Fossils of Enigmatic Plant Eating Dinosaur Found in Chile

Posted on April 27, 2015

The fossil of a new dinosaur species has been discovered in Chile. The dinosaur is related to Tyrannosaurus rex and resembles a raptor, yet it preferred to dine on plants rather than eat meat. The fossil was found by Diego Suarez, age 7, at the Toqui Formation in Aysén, south of Chilean Patagonia. The rocks in this deposit are estimated to be about 145 million years old

Diego was in the area with his parents, Chilean geologists Manuel Suarez and Rita de la Cruz. The palaeontologists are referring to the newly discovered as the "platypus" dinosaur because of its odd combination of features. The dinosaur has been named Chilesaurus diegosuarezi. Some specimens of the herbivorous theropod are about the size of a turkey. However, it may have reached up to three meters in length based on some isolated bones the scientists found. It has a small skull and feet. It had two blunt fingers on its hands.

Martín Ezcurra, a researchers from the University of Birmingham, says in a statement, "Chilesaurus can be considered a 'platypus' dinosaur because different parts of its body resemble those of other dinosaur groups due to mosaic convergent evolution. In this process, a region or regions of an organism resemble others of unrelated species because of a similar mode of life and evolutionary pressures. Chilesaurus provides a good example of how evolution works in deep time and it is one of the most interesting cases of convergent evolution documented in the history of life."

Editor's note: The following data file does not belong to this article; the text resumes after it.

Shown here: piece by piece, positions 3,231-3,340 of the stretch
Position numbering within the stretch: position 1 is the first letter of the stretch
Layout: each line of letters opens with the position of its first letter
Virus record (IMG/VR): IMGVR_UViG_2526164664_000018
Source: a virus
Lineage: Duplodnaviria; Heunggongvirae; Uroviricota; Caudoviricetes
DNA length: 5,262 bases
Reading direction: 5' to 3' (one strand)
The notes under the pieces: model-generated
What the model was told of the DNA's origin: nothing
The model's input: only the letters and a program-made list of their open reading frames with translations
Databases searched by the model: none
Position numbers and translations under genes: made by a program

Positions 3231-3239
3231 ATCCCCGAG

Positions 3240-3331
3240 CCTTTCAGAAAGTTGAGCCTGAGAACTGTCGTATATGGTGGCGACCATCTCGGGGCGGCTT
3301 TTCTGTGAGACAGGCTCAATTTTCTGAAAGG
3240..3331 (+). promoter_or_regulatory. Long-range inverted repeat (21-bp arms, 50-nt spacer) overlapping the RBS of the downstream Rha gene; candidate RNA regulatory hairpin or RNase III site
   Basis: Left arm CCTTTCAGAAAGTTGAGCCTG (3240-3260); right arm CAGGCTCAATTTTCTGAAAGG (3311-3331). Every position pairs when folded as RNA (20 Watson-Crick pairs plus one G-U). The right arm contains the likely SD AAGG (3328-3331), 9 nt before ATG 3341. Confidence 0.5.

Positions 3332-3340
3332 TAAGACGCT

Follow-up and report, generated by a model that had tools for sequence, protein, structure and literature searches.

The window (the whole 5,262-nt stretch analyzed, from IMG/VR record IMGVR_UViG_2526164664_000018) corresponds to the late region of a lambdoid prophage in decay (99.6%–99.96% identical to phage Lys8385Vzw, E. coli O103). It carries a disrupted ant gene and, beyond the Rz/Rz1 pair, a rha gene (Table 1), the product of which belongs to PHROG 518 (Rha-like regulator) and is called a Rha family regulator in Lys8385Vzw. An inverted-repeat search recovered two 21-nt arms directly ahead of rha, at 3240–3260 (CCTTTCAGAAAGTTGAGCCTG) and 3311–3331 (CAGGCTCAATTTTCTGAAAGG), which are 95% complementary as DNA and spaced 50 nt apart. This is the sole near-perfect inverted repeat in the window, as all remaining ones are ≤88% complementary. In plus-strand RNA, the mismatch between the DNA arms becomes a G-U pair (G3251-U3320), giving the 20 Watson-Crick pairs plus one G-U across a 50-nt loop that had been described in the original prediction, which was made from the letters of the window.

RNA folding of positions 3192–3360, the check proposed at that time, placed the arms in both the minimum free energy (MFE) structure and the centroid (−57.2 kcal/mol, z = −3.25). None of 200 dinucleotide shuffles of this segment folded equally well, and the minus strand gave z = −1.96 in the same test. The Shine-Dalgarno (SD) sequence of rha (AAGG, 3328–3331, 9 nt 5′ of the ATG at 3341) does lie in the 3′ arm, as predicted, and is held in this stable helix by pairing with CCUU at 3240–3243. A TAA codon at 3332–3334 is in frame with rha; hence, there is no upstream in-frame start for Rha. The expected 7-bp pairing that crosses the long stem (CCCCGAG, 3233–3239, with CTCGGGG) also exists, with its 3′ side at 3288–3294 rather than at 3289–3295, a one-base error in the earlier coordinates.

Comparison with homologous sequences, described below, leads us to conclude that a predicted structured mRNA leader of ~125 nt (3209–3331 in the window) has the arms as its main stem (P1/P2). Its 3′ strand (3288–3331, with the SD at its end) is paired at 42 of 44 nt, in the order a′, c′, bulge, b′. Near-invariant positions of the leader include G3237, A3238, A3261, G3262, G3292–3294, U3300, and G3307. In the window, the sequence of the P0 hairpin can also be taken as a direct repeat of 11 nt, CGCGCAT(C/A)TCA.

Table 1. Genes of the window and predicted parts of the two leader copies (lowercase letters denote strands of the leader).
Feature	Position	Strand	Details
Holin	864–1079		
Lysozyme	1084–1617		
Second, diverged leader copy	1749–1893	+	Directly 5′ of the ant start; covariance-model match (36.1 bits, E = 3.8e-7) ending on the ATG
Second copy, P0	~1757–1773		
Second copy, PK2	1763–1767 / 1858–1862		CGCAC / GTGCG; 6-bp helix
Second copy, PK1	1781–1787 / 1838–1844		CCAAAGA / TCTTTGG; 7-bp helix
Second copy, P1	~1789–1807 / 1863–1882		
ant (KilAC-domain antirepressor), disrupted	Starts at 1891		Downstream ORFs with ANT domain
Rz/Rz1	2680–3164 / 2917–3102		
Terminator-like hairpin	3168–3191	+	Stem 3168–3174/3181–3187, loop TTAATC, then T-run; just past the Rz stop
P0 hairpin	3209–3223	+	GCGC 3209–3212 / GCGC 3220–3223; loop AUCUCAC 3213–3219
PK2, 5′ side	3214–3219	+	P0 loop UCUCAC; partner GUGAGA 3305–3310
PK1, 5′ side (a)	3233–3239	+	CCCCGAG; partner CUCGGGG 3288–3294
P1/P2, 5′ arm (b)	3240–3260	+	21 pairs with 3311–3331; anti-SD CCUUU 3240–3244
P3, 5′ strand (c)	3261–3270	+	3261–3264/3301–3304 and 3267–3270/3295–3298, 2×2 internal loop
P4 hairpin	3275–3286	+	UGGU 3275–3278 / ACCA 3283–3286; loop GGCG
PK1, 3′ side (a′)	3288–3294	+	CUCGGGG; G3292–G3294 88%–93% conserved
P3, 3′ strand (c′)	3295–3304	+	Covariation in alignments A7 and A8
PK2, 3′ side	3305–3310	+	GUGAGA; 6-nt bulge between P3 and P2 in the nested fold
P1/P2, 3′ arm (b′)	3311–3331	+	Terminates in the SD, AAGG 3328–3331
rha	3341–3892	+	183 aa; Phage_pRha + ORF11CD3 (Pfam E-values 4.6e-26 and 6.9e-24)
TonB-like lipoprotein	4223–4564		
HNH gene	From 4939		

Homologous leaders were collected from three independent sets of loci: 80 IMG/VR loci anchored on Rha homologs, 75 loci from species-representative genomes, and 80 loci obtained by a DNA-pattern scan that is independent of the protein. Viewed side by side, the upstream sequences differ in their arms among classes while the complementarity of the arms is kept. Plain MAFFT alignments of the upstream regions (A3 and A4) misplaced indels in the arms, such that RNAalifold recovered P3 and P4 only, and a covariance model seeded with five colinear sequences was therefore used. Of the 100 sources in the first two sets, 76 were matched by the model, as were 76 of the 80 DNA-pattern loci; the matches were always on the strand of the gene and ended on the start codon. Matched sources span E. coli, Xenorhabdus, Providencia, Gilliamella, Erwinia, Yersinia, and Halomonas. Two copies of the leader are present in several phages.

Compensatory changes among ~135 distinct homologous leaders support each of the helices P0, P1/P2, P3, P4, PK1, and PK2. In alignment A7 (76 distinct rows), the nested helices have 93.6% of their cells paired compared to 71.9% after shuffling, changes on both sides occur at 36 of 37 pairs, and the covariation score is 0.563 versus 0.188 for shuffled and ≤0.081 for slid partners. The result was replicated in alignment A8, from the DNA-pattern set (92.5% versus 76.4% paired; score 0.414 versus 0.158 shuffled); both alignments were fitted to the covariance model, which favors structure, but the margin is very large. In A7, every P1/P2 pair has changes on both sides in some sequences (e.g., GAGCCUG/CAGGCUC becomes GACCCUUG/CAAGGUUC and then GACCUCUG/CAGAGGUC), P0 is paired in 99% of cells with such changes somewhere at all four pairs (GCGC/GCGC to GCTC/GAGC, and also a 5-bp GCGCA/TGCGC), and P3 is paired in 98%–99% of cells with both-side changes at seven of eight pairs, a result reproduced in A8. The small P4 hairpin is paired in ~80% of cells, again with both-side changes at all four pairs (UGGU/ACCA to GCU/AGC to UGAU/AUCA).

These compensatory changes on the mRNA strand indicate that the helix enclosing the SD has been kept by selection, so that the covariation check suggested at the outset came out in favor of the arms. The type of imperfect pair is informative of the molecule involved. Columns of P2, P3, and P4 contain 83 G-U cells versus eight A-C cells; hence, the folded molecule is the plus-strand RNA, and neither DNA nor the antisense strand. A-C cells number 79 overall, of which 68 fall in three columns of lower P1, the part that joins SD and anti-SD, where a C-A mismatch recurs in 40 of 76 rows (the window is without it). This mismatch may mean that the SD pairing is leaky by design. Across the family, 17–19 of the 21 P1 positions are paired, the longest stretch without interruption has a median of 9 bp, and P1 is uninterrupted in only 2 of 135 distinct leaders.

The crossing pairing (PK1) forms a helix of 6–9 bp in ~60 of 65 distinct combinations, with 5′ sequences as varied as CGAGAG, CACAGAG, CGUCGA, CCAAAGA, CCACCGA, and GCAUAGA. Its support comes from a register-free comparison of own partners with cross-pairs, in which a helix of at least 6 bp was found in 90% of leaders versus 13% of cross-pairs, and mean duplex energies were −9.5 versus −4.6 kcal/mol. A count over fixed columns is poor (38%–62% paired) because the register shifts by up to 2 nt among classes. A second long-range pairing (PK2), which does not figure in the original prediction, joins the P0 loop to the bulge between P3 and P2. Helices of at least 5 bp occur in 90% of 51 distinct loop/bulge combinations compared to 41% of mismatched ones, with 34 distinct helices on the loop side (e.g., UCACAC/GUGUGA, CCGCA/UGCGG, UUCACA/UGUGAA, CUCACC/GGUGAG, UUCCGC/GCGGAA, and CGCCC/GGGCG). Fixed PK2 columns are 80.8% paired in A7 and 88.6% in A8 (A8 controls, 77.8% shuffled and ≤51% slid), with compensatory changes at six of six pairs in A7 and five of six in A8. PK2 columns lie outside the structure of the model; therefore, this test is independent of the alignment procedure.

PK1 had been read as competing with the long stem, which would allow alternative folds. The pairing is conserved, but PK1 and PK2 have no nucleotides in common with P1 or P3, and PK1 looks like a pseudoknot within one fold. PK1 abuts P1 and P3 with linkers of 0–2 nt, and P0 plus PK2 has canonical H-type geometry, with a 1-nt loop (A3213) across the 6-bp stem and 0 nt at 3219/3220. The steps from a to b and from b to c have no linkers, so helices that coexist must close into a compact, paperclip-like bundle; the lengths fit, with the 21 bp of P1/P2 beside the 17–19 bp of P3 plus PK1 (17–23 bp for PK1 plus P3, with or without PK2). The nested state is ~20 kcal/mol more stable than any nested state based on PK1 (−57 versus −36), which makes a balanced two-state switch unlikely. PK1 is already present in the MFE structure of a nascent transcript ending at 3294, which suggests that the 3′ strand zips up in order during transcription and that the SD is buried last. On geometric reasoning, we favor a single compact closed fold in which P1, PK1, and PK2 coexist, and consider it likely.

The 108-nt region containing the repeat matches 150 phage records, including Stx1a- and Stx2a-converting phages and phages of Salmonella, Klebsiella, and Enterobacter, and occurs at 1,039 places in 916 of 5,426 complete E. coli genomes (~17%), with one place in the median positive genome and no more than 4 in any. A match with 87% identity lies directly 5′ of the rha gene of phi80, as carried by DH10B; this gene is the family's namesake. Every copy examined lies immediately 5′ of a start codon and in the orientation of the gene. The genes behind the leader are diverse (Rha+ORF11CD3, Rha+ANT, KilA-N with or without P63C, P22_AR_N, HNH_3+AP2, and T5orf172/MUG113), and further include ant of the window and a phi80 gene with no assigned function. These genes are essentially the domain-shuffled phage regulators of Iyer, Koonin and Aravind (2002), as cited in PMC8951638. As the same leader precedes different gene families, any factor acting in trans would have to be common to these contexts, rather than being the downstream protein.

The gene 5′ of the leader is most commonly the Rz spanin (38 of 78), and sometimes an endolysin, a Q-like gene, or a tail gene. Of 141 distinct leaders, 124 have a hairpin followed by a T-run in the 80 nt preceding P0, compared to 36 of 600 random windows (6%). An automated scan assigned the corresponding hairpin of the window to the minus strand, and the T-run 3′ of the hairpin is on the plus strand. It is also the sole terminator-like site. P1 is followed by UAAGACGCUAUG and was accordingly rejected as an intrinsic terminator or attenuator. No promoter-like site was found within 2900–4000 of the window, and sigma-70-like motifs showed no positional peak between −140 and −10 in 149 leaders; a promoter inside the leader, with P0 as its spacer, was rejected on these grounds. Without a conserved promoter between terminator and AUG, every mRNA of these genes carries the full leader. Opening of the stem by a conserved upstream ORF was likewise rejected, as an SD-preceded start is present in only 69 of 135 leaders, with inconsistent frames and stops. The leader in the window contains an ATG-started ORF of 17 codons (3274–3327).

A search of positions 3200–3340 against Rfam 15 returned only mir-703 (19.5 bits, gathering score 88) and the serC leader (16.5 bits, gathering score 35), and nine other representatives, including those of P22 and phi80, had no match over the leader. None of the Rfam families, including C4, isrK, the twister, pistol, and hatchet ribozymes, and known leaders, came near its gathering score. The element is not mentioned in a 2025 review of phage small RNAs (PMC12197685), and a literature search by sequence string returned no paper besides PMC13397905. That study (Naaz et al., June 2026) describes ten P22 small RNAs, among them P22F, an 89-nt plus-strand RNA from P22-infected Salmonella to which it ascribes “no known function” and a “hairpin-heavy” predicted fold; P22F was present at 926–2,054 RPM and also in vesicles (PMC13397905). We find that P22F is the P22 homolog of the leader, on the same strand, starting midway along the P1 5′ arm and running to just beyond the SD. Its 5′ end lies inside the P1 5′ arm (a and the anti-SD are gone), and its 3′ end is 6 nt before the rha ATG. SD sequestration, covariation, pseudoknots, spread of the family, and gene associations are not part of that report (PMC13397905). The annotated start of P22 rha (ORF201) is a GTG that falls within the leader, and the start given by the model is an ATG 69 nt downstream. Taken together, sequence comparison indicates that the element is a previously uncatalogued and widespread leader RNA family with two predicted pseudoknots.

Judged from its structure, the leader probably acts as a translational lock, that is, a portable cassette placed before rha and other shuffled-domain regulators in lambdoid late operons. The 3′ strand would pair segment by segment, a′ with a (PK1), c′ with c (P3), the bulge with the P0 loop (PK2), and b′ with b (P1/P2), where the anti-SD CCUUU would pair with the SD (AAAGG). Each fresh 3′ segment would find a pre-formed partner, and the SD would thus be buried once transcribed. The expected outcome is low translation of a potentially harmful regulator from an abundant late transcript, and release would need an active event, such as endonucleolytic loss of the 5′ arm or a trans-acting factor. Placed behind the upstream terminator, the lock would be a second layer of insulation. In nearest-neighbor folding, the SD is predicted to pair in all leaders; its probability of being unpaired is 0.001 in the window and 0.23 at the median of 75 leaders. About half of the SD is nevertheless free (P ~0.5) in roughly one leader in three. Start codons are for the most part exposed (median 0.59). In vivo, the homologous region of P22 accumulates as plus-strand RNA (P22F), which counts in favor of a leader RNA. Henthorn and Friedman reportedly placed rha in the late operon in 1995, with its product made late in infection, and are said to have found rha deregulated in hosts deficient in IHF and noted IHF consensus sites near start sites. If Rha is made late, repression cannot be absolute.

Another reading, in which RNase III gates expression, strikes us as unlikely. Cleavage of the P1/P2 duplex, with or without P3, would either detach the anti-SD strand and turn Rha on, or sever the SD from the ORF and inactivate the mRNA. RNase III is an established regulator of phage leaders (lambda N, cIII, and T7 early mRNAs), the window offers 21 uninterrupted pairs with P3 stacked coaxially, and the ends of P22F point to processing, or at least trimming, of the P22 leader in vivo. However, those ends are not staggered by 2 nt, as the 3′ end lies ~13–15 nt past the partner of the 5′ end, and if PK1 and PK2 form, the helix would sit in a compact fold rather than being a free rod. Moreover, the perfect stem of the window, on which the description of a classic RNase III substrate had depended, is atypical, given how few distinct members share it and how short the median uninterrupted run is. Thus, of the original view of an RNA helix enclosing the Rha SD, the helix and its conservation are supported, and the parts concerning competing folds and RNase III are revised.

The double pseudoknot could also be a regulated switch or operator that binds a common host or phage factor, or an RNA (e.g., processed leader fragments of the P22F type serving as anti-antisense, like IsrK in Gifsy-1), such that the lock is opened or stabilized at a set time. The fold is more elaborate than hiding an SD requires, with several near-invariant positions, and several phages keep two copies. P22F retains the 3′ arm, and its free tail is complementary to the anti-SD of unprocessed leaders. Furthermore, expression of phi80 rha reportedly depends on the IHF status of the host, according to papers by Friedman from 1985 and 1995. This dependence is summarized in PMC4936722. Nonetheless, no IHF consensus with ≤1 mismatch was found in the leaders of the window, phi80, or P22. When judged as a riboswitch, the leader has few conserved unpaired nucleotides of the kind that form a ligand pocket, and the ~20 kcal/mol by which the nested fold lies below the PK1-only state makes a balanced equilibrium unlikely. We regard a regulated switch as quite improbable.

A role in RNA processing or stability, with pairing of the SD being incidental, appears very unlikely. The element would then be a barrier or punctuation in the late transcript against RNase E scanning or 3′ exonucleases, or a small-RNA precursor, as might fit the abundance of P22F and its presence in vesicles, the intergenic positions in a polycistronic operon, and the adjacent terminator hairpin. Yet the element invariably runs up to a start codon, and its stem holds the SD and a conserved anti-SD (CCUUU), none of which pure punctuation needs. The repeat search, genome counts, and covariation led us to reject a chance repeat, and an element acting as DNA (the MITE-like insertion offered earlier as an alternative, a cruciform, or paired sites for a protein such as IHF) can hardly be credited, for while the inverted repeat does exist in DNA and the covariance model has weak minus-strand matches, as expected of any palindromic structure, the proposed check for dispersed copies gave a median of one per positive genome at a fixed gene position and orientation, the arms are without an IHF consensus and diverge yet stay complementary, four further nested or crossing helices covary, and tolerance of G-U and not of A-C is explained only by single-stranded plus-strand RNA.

The researchers say Chilesaurus was, by far, the most abundant dinosaur in southwest Patagonia 145 million years ago. A research paper on Chilesaurus was published here in the journal Nature.

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